Introduction: Studies comprehensively summarizing the impact of tramadol use on glucose homeostasis are very sparse. Thus, the present study was performed to collect and summarize the latest information about this issue in a systematic way. Areas covered: An exhaustive literature search was carried out using relevant keywords. Web of Sciences, PubMed, Scopus, and Google scholar were interrogated until 30 June 2019. Case-control, cohort, cross-sectional, clinical trial, case report, and animal studies that focused on the objective of the study were retrieved. This review summarizes the results of 761 papers on glycemic changes due to tramadol exposure. Thirty-six publications reported hypoglycemia and 17 hyperglycemia during tramadol use. Twenty-two studies either reported normal blood glucose concentrations, or did not observe any difference in the blood glucose levels following tramadol use. Finally, hypoglycemia was reported in diabetic individuals exposed to tramadol in 12 studies. Expert opinion: The data suggest that primarily hypoglycemia but some degree of hyperglycemia has been reported with tramadol use. Importantly, all studies on tramadol use in diabetes reported hypoglycemia. Tramadol-induced hypoglycemia may be severe in some cases. The risk of alterations in glucose homeostasis accompanying tramadol exposure indicates time importance of careful blood glucose monitoring during tramadol use.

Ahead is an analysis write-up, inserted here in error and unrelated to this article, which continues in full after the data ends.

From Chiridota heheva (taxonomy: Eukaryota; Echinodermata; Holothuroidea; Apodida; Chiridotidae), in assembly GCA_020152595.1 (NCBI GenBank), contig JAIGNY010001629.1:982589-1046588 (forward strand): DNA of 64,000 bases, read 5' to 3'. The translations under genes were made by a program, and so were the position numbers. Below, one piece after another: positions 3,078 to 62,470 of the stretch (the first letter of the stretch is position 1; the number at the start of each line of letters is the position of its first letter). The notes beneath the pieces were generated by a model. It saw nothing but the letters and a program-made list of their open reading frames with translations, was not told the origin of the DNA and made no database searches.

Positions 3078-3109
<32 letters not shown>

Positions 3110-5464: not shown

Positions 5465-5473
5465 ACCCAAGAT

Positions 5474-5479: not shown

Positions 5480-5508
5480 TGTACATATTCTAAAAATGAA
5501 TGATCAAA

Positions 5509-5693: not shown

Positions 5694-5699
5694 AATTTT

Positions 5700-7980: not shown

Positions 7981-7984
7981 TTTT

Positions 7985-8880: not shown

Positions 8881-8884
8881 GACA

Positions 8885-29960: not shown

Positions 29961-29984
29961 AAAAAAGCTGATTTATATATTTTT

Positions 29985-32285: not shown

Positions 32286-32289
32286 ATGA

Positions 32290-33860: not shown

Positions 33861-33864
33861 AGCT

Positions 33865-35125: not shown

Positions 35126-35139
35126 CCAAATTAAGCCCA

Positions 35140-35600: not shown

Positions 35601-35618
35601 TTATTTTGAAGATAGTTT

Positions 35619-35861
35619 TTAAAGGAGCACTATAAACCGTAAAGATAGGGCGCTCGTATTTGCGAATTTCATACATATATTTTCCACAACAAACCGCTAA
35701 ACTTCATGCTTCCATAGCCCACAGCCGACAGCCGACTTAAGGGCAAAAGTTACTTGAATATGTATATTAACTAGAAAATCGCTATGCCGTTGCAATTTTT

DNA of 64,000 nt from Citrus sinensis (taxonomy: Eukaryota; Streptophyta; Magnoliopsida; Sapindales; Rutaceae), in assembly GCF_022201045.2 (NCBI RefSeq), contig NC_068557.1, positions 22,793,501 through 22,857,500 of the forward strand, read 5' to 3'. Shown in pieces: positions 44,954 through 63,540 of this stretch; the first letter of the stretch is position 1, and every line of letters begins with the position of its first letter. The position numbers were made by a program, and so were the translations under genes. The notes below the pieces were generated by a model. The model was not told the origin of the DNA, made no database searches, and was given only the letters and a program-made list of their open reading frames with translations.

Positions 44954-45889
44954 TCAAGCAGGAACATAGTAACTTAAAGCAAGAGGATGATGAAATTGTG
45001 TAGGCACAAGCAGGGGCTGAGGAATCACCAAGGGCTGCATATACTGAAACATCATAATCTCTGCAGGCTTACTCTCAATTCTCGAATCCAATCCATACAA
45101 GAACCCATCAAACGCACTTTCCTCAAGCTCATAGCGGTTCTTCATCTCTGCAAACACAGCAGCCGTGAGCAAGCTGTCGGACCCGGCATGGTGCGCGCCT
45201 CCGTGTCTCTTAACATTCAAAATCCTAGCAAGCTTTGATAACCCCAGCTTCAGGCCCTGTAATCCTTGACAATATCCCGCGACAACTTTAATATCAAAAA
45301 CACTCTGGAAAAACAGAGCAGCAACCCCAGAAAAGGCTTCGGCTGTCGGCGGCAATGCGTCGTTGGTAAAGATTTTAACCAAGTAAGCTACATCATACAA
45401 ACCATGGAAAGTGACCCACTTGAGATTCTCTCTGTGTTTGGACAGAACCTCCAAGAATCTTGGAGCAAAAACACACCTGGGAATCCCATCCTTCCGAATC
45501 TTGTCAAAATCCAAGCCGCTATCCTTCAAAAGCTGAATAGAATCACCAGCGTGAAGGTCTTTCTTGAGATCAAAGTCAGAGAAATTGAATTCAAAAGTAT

- blood glucose level
ASJC Scopus subject areas
- Pharmacology, Toxicology and Pharmaceutics(all)
- Pharmacology (medical)